Well, I'll be Damped – How Square Wave Testing Can Assure Accuracy in Your Hemodynamic Monitoring Interpretations


Since the inception of hemodynamic monitoring, square wave testing, also known as dynamic response testing, continues to intermittently confuse both new and experienced critical care providers.  Square wave testing can have a direct impact on the validity and accuracy of the hemodynamic values which are obtained from the invasive monitoring device.  It is imperative that critical care clinicians be competent in understanding not only the purpose of square wave testing, but how to interpret its results.

The primary utilization of the square wave test is with arterial lines – those invasive monitoring cannulations which reside within the lumen of a systemic artery – and can be transduced to reveal a beat by beat graphic of luminal arterial tension.  In order to properly and accurately interpret the values being transduced, it is recommended to perform a square wave test.  This test is nothing more than fast flushing (with high pressure) the non-compliant tubing with saline (or heparinized saline) – in terms of tangible work, that’s about it.  What comes next is the ability to interpret what is displayed on the monitor!

There are two factors to consider when evaluating the square wave test (or the dynamic response test).  The first is called the natural resonant frequency, and the second is referred to as the damping coefficient.  When the invasive monitoring system is flushed, it exposes the transducer to a pressure signal (a very high-pressure signal), which in turn causes the transducer to vibrate.  How quickly the system vibrates is, essentially, the natural resonant frequency.  This phenomenon is rapidly followed by the damping coefficient, which is the speed at which those vibrations stop and return to normal transduction.  The vibrations caused by the fast flush should be quickly quelled and the system should return to pressure transduction.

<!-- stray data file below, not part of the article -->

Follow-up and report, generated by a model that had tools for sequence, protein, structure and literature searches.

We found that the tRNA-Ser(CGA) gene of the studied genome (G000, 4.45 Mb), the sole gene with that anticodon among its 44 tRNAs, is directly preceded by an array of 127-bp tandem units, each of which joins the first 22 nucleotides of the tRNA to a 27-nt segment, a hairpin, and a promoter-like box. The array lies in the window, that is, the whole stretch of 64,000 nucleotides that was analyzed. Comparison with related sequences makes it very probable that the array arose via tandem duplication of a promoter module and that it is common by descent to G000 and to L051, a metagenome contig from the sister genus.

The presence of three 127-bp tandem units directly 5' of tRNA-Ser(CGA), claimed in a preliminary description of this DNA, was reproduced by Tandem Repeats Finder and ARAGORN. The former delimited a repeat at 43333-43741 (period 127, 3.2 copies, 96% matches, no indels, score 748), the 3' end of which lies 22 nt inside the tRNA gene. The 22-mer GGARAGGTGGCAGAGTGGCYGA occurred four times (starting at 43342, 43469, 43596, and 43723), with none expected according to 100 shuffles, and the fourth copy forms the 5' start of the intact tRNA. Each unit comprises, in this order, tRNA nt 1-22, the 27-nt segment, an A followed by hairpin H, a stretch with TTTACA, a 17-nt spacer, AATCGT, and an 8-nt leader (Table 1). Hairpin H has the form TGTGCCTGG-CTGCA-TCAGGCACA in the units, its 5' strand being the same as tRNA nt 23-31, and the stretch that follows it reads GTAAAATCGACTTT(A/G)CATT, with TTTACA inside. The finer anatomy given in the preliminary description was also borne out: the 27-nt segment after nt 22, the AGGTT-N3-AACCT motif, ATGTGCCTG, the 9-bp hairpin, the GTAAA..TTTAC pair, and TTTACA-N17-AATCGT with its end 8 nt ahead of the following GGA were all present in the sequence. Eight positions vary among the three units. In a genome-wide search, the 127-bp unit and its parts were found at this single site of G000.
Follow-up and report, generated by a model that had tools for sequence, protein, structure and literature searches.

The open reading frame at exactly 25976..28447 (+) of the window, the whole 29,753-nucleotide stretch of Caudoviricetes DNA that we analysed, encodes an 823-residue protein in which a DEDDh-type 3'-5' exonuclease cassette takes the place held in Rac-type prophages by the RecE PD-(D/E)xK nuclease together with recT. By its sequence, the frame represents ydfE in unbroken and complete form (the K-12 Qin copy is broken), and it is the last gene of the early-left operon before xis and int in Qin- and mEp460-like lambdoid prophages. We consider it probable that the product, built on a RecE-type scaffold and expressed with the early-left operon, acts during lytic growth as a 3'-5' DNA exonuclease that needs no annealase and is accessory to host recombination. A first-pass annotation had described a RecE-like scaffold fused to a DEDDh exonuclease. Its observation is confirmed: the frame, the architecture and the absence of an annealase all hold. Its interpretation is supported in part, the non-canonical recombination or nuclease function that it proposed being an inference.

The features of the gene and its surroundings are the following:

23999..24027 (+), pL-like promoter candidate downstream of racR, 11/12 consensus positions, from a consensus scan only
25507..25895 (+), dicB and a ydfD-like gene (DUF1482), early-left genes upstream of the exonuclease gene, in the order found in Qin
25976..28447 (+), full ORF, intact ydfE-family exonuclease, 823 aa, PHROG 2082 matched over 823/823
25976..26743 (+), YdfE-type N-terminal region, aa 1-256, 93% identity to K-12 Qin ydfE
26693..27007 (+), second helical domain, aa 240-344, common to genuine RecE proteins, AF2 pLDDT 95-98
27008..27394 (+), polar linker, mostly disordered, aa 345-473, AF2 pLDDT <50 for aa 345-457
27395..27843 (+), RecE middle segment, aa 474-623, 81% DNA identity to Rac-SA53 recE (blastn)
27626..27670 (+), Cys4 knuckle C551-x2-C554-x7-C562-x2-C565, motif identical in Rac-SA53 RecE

In broad terms, there are three responses that are typically seen with a square wave test; adequately-damped, over-damped, and under-damped.  An adequately-damped waveform is when there are only two oscillations that follow the fast-flush wave.  The two oscillations should be no more than one-third the height of the previous oscillation.  The subsequent transducing should demonstrate a clear arterial waveform with a discernable dicrotic notch.  This result requires no further intervention or evaluation, and the hemodynamic values displayed on the monitoring device, can be interpreted with legitimacy and accuracy.

Image from Deltex Medical Limited, 2015

An over-damped waveform is when there is only one oscillation (or little to no vibrations / ringing) following the square wave test.  A waveform that is damped will appear small in amplitude and flattened.  The dicrotic notch will be hard to visualize and appreciate.  Additionally, the systolic pressure will be poorly reflected, causing it to be reported lower than it actually is.  Conversely, the diastolic blood pressure will be over-estimated, and will be reported higher than it actually is.  There are a number of causes of an over-damped waveform.  Tiny air bubbles in the tubing, a clot at the tip of the catheter, tubing that is “too” stiff or kinked and / or a catheter that is positioned against the wall of the blood vessel.  Remember that air is easily compressible, and will almost always cause an over-damped waveform.  An over-damped waveform is a relatively common occurrence and can be fairly easy to correct.